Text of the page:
The Berlin Airlift: 1948-1949

After WWII, Germany was divided in half, the west controlled by the United States, England and France, the east controlled by the Soviet Union.  Berlin, the German capital, located in Russian controlled East Germany would also be divided.  East Berlin was controlled by the Soviet Union and West Berlin controlled by the Allies.

On June 24, 1948, the Cold War began in war-torn Berlin.  Soviet premier Josef Stalin initiated the first act of post WWII aggression by blockading West Berlin.  The free part of Berlin was essentially an island in the middle of East Germany.

There were three autobahns and railway lines connecting West Berlin to the free world and Stalin cut all of them off.  All water and food supplies to the 2.5 million citizens of West Berlin were halted.  In a matter of days, thousands of Berliners would perish if the United Sates did not intervene.  The days that followed were filled with tension around the world.  Would this be the beginning of WWIII between the two new super powers, the USA and the Soviet Union?  American President Harry Truman was faced with a decision; should he counter aggression with aggression and possibly spark WWIII, or should he forsake Berlin and let Stalin have the entire city? After all, what loyalties did the United States and Great Britain owe to Germany?  Four years earlier the Allies had leveled the city of Berlin with devastating bombing raids. Truman said with resolve, "We stay in Berlin. Period." 

Against the counsel of many of his military advisors, but with the support of Great Britain, Truman devised a plan to sustain West Berlin through an airlift that would feed 2.5 million Berliners for almost an entire year.   The mission would require an unheard of 1,500 tons of food delivered to Berlin every day!  Since Stalin had cut off electricity in West Berlin, almost 2,000 tons of coal would need to be delivered daily to keep industry going in the city.  In total, nearly 3,500 tons of food and supplies would have to be delivered every day to sustain the city.  The Berlin AirLift would require an unprecedented 1,000 flights of C-47's daily!

On June 25, 1948, the first United States military aircraft took off for Berlin.  The airlift had begun and it was affectionately referred to by the American military as "Operation Vittles."  The grateful German people gave it their own name, "Roisenbomber" ("raisin bombers").  The military operation delivered "vittles" and other essentials including water and coal.  With a sensitive heart for the surviving remnant of Jewish people in the city, the airlift even delivered kosher matzo for Passover.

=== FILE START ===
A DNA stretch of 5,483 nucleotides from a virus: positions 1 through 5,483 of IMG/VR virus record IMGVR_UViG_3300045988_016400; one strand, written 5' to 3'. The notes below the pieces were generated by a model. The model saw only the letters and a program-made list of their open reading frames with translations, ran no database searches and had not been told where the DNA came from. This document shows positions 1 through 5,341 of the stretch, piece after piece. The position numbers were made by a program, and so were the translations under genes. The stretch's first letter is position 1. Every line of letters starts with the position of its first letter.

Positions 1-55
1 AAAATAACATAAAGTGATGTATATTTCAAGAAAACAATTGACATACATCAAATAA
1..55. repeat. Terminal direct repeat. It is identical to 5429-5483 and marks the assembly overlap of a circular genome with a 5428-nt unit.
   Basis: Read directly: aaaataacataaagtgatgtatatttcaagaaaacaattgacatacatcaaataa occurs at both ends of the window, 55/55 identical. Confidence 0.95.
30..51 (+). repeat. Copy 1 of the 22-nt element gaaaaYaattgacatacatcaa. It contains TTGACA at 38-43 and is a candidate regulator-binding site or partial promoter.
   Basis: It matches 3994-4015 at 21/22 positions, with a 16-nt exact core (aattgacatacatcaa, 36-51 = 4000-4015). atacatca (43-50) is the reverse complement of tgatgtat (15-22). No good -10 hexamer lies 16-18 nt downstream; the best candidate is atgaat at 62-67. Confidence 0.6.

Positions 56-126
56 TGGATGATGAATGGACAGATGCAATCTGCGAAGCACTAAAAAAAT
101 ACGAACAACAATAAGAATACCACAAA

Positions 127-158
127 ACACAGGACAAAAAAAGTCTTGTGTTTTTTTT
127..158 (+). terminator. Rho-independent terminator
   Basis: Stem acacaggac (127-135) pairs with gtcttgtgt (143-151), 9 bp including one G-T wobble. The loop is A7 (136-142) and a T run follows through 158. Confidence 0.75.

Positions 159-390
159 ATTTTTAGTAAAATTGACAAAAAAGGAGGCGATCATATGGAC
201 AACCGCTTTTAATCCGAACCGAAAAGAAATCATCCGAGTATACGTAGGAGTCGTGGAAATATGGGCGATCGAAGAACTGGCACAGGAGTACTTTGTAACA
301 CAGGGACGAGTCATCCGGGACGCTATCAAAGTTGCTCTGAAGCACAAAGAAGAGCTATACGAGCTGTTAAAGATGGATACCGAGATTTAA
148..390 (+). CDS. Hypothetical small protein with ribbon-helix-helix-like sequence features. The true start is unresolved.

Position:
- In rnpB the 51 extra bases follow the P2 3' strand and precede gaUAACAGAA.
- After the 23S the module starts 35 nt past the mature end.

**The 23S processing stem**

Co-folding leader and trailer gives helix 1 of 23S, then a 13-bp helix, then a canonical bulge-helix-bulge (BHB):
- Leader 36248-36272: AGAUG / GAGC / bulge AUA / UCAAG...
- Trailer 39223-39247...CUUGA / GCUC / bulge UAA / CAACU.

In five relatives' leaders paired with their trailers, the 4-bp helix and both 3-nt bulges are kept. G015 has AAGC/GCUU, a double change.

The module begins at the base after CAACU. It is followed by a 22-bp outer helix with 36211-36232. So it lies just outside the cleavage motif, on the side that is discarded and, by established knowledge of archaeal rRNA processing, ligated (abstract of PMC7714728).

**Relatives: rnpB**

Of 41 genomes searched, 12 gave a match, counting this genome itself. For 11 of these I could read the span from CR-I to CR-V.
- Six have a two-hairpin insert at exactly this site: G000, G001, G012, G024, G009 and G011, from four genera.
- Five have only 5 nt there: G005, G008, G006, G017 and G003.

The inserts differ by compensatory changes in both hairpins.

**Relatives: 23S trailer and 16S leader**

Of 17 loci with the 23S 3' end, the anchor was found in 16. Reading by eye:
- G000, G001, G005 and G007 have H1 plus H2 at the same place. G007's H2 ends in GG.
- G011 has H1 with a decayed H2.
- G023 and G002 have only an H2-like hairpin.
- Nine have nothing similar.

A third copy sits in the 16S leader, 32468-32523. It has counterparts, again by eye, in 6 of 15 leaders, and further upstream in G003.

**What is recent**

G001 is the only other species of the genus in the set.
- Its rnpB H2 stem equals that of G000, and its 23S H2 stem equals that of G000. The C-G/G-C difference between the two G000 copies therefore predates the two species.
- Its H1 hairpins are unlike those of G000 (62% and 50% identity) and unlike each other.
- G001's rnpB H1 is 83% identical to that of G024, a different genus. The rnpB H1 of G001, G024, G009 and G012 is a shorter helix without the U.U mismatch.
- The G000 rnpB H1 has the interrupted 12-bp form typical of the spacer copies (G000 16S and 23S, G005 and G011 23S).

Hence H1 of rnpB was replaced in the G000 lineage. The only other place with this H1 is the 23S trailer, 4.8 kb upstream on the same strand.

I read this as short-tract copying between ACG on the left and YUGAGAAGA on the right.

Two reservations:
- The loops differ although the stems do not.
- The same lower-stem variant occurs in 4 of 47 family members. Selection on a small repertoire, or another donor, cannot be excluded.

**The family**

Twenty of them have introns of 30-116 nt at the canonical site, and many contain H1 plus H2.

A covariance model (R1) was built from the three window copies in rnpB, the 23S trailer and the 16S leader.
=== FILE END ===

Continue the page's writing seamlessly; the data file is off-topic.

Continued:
American pilot Gail Halvorsen conceived the idea to drop tiny parachutes containing boxes of chocolate for the children in the city.  The project, called Operation Little Vittles, delivered 23 tons of treats to children all over West Berlin.  Colonel Halvorsen soon became the face of the airlift, and a hero to the German children.  They affectionately called him, “Uncle Chocolate.”

The Allies' cargo planes landed an average of every 62 seconds for 322 consecutive days.  A total of 277,000 missions were flown into the besieged city.  The Berlin Airlift was and still is the largest humanitarian campaign the world has ever seen.

The mission did not come without a cost.  Although the Soviets never fired artillery at the cargo planes, they continually harassed the pilots and forced many crashes.  Soviet fighter planes "buzzed" the C 47's, often shooting near them.  Searchlights were often shown into the eyes of the American pilots during night flights.  One hundred and one military personnel and civilians lost their lives during the airlift.  Thirty-seven of the casualties were Americans.

On May 18, 1949, the will of the Soviet Union was broken and Stalin lifted the blockade.  Berlin became an international symbol of the United States resolve to stand up to the Soviet threat without being forced into a military conflict.  The first battle of the Cold War was a resounding victory for the United States.

Most importantly, though, the Berlin Airlift began to repair the psychological wounds of World War II between the USA, England and Germany.  Less than four years earlier, many of the airlift pilots had been dropping bombs on Berlin, with the intent of destroying the city.  Some of the pilots found it hard to accept that they were now trying to save the lives of their former enemies. But they adjusted quickly because, as one airman said, "Somehow that faceless mass of two million suddenly became individuals just like my mother and sister." Many, who felt guilt from dropping bombs on civilians found redemption in helping these same people, survive.